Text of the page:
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Chapter 26 : Autophagy: a Fundamental Cytoplasmic Sanitation Process Operational in All Cell Types Including Macrophages

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Abstract:

Autophagic degradation is a cell-autonomous mechanism for direct elimination of intracellular microbes, but also plays a broader role in innate and adaptive immunity and in general cytoplasmic homeostasis. The process of autophagy plays many functions, including feeding the cells under starvation conditions or upon withdrawal of growth factors. Autophagy plays both housekeeping and immune functions in macrophages and dendritic cells. The phagophore is enlarged by the addition of a new membrane that is of undefined origin but is suspected to come from the endoplasmic reticulum or a combination of sources including Golgi and endosomes. Most cells undergo baseline autophagy, removing protein aggregates and spuriously damaged mitochondria or other organelles, or adjusting the cellular biomass. The classical physiological inducers of autophagy are amino acid starvation or absence of growth factors. Recent studies examining effects on the redistribution of a sole integral membrane Atg protein, Atg9, have implicated ULK1 as the putative mammalian Atg1 ortholog. A classical physiological inducer of autophagy is amino acid starvation, in particular, withdrawal of leucine. In mammalian cells, the role of autophagy has been linked to immunological signals. In mice and humans it is under the control of cytokines and agonists regulating innate and adaptive immunity, such as interferon gamma (IFN-γ), tumor necrosis factor alpha (TNF-α), and interleukin 13 (IL-13), and CD40L-CD40.

Citation: Deretic V. 2009. Autophagy: a Fundamental Cytoplasmic Sanitation Process Operational in All Cell Types Including Macrophages, p 419-425. In Russell D, Gordon S (ed), Phagocyte-Pathogen Interactions. ASM Press, Washington, DC. doi: 10.1128/9781555816650.ch26

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Tumor Necrosis Factor alpha
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Plasma Membrane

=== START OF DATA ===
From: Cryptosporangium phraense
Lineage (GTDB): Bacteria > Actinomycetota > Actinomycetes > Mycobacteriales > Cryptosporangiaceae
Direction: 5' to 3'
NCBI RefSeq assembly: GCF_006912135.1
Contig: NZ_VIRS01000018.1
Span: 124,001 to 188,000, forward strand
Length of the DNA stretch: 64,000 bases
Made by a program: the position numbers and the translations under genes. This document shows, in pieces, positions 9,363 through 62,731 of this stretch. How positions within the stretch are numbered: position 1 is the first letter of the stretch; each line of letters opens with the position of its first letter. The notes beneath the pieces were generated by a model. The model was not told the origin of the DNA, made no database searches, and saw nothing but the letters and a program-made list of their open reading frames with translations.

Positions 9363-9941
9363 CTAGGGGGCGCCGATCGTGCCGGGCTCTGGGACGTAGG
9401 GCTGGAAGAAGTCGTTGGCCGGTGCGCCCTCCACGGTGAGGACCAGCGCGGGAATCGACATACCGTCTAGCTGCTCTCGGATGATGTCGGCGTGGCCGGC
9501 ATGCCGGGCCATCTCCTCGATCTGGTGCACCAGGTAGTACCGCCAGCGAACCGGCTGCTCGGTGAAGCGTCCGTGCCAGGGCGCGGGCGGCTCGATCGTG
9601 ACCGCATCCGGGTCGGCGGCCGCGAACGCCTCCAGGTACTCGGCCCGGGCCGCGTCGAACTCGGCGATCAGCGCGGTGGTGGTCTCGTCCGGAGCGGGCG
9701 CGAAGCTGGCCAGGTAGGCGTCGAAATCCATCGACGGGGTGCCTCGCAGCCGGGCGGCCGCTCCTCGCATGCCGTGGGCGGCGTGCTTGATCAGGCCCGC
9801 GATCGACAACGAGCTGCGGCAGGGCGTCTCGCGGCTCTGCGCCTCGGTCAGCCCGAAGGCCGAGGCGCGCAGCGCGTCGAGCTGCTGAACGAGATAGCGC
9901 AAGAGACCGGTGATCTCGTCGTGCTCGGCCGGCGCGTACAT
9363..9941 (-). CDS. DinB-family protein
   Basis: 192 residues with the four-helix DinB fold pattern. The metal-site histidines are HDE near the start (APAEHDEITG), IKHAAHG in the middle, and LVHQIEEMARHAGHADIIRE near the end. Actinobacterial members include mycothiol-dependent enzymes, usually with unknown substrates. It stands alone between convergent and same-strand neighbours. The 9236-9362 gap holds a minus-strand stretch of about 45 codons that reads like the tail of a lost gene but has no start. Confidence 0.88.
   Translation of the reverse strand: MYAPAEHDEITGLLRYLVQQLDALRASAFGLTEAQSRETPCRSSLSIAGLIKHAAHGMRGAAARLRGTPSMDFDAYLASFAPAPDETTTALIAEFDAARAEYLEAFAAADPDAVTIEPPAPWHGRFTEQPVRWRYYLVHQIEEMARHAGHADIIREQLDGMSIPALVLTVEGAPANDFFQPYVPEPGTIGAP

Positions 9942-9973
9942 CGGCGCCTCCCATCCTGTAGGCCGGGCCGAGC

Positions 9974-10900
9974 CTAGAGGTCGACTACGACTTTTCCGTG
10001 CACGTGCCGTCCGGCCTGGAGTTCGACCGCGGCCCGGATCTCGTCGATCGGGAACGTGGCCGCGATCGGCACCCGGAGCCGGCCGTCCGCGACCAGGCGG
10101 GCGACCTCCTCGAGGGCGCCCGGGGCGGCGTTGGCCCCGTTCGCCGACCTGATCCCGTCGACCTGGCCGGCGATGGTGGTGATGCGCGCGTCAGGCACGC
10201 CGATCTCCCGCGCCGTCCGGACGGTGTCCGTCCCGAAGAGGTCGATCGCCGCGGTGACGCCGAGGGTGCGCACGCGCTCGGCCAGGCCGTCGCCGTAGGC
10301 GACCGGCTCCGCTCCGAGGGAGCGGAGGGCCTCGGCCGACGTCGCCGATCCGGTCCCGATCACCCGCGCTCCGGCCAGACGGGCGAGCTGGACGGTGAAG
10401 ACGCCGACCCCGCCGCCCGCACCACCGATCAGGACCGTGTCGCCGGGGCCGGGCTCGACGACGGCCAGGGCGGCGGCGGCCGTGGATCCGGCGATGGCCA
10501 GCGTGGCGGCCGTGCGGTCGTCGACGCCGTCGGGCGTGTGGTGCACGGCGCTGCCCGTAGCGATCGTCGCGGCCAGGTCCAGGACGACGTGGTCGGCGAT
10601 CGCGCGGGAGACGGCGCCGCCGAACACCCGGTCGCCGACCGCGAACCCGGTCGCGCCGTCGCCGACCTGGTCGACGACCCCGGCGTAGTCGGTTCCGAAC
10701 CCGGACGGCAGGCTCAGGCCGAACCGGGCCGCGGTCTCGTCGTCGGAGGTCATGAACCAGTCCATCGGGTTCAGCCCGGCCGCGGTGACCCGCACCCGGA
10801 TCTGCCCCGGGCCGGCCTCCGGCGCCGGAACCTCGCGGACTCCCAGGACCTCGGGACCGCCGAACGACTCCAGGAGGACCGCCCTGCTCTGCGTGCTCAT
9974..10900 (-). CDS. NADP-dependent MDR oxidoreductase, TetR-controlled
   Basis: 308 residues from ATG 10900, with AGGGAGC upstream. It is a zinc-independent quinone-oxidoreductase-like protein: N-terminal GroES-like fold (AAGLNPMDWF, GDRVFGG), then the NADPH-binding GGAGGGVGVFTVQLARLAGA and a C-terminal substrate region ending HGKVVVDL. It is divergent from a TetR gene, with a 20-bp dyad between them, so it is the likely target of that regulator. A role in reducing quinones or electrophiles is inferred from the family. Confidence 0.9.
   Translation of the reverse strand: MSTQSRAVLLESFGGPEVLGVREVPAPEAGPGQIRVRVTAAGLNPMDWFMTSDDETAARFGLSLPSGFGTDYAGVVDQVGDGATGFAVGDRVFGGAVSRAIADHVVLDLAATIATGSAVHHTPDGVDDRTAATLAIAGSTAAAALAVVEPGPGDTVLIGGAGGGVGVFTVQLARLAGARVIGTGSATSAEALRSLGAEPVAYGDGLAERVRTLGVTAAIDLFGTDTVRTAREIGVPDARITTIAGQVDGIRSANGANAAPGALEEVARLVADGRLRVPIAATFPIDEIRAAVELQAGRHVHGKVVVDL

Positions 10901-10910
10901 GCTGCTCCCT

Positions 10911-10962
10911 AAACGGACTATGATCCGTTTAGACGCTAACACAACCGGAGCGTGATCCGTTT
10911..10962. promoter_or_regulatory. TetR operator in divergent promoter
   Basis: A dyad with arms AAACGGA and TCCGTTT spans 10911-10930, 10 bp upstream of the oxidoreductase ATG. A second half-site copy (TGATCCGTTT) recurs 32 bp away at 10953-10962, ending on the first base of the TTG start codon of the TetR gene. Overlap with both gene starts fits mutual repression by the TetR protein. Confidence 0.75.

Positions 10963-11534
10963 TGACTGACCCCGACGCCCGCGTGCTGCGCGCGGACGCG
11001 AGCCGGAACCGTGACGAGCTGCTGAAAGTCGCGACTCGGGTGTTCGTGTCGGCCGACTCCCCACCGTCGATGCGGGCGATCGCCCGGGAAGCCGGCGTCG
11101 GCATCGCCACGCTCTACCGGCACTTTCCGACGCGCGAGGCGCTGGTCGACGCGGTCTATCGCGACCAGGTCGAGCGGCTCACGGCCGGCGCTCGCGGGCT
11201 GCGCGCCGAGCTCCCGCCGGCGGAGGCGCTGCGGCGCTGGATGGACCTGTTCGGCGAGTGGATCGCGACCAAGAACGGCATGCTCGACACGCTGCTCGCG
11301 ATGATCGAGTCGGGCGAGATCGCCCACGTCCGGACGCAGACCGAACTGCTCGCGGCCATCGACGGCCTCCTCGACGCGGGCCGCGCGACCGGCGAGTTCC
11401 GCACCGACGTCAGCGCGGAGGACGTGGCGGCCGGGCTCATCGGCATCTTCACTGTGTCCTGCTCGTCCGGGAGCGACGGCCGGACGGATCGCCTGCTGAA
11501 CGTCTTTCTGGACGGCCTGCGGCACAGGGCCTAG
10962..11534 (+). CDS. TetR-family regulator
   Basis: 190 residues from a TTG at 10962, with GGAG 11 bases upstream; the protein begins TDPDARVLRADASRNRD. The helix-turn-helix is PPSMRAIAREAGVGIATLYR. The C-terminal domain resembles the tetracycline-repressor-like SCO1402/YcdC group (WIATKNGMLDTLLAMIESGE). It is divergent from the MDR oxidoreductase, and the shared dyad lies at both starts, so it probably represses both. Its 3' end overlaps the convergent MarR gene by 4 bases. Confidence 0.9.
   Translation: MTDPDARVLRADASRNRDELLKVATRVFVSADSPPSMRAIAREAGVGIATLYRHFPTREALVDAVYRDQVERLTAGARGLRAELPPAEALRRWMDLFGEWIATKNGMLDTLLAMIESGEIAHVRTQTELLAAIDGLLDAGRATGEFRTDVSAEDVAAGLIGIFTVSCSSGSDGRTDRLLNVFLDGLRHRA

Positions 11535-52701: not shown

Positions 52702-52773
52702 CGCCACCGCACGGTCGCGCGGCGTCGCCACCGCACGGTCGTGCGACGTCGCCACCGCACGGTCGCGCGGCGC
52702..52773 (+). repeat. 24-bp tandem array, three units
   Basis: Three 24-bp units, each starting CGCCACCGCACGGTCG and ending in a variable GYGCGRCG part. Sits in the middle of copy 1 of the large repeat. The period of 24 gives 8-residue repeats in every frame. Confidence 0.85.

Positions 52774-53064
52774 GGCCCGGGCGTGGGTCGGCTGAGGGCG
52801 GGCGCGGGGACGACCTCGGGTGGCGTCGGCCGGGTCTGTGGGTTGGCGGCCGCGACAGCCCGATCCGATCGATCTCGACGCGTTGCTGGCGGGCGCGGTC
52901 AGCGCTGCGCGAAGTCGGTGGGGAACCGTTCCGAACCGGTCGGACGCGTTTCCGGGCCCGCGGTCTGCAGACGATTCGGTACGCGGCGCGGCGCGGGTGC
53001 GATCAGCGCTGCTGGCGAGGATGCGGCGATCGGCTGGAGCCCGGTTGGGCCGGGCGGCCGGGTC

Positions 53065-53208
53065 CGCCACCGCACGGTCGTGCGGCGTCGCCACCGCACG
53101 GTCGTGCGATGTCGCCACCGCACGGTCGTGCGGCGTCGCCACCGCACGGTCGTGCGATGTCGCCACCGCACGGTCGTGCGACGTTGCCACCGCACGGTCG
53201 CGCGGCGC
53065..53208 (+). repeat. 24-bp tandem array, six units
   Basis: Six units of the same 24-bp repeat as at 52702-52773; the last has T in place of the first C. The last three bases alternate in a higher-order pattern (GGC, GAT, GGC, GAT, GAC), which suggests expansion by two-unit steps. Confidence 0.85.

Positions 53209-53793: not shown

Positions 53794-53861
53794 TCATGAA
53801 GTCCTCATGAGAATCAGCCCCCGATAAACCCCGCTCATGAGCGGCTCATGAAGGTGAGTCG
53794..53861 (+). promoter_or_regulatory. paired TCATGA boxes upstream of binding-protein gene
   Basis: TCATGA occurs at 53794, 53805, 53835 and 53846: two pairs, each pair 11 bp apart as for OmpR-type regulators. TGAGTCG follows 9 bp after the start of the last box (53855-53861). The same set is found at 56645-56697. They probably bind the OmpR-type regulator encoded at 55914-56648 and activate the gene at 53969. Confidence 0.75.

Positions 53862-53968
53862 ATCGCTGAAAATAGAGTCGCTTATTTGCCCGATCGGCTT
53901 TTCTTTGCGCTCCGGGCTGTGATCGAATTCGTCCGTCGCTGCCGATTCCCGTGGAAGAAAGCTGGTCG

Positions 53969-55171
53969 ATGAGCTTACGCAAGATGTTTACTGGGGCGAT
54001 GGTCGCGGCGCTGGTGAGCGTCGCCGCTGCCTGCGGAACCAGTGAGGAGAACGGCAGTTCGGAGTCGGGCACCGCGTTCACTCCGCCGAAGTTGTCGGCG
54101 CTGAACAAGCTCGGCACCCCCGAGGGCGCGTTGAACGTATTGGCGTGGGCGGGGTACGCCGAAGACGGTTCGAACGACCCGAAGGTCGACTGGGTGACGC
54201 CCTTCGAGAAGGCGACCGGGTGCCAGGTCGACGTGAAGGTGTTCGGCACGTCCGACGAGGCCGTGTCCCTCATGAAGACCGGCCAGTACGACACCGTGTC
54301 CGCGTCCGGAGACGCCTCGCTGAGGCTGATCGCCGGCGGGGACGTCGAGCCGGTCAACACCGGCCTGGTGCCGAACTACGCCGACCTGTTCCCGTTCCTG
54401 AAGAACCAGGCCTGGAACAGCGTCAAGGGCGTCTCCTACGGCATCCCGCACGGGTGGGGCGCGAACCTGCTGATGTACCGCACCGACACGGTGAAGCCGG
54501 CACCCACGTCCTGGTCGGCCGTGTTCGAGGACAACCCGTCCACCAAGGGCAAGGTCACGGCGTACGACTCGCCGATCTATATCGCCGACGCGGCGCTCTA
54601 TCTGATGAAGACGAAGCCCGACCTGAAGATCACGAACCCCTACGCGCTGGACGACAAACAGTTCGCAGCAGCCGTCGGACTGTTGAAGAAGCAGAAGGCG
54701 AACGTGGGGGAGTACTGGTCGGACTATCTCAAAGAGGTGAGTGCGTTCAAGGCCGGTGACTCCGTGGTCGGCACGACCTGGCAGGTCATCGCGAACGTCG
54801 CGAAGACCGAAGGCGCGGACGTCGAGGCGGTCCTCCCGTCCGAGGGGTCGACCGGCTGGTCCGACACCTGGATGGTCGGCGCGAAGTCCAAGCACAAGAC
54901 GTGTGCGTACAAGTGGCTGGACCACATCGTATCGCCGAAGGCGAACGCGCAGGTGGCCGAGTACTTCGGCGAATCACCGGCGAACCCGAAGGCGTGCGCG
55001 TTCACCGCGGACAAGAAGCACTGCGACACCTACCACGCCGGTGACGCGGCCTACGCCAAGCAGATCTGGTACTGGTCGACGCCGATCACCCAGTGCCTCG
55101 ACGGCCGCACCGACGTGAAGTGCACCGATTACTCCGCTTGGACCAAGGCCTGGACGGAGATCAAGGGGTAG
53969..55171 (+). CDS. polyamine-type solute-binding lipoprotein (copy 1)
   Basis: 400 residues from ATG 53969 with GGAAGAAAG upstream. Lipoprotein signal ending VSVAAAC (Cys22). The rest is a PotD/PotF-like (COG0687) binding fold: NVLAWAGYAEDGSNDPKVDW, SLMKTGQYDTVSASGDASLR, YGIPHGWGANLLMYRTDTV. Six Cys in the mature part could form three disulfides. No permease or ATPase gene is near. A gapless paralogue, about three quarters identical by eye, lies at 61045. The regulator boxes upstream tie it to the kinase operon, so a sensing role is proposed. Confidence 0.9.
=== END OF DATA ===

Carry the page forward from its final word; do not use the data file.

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Endoplasmic Reticulum
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Figures

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FIGURE 1

Execution stages of the autophagic pathway. See text for explanations. Reproduced with permission from .

Citation: Deretic V. 2009. Autophagy: a Fundamental Cytoplasmic Sanitation Process Operational in All Cell Types Including Macrophages, p 419-425. In Russell D, Gordon S (ed), Phagocyte-Pathogen Interactions. ASM Press, Washington, DC. doi: 10.1128/9781555816650.ch26
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Image of FIGURE 2
FIGURE 2

Core signaling pathways regulating autophagy. Light gray boxes, agonists of autophagy (positive regulators); dark gray boxes, antagonists of autophagy (negative regulators). See text for description and explanations.

Citation: Deretic V. 2009. Autophagy: a Fundamental Cytoplasmic Sanitation Process Operational in All Cell Types Including Macrophages, p 419-425. In Russell D, Gordon S (ed), Phagocyte-Pathogen Interactions. ASM Press, Washington, DC. doi: 10.1128/9781555816650.ch26
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Image of FIGURE 3
FIGURE 3

Immunologically relevant inputs (dotted boxes) and outputs (solid boxes) of autophagy. See text for details and references. Adapted from .

Citation: Deretic V. 2009. Autophagy: a Fundamental Cytoplasmic Sanitation Process Operational in All Cell Types Including Macrophages, p 419-425. In Russell D, Gordon S (ed), Phagocyte-Pathogen Interactions. ASM Press, Washington, DC. doi: 10.1128/9781555816650.ch26
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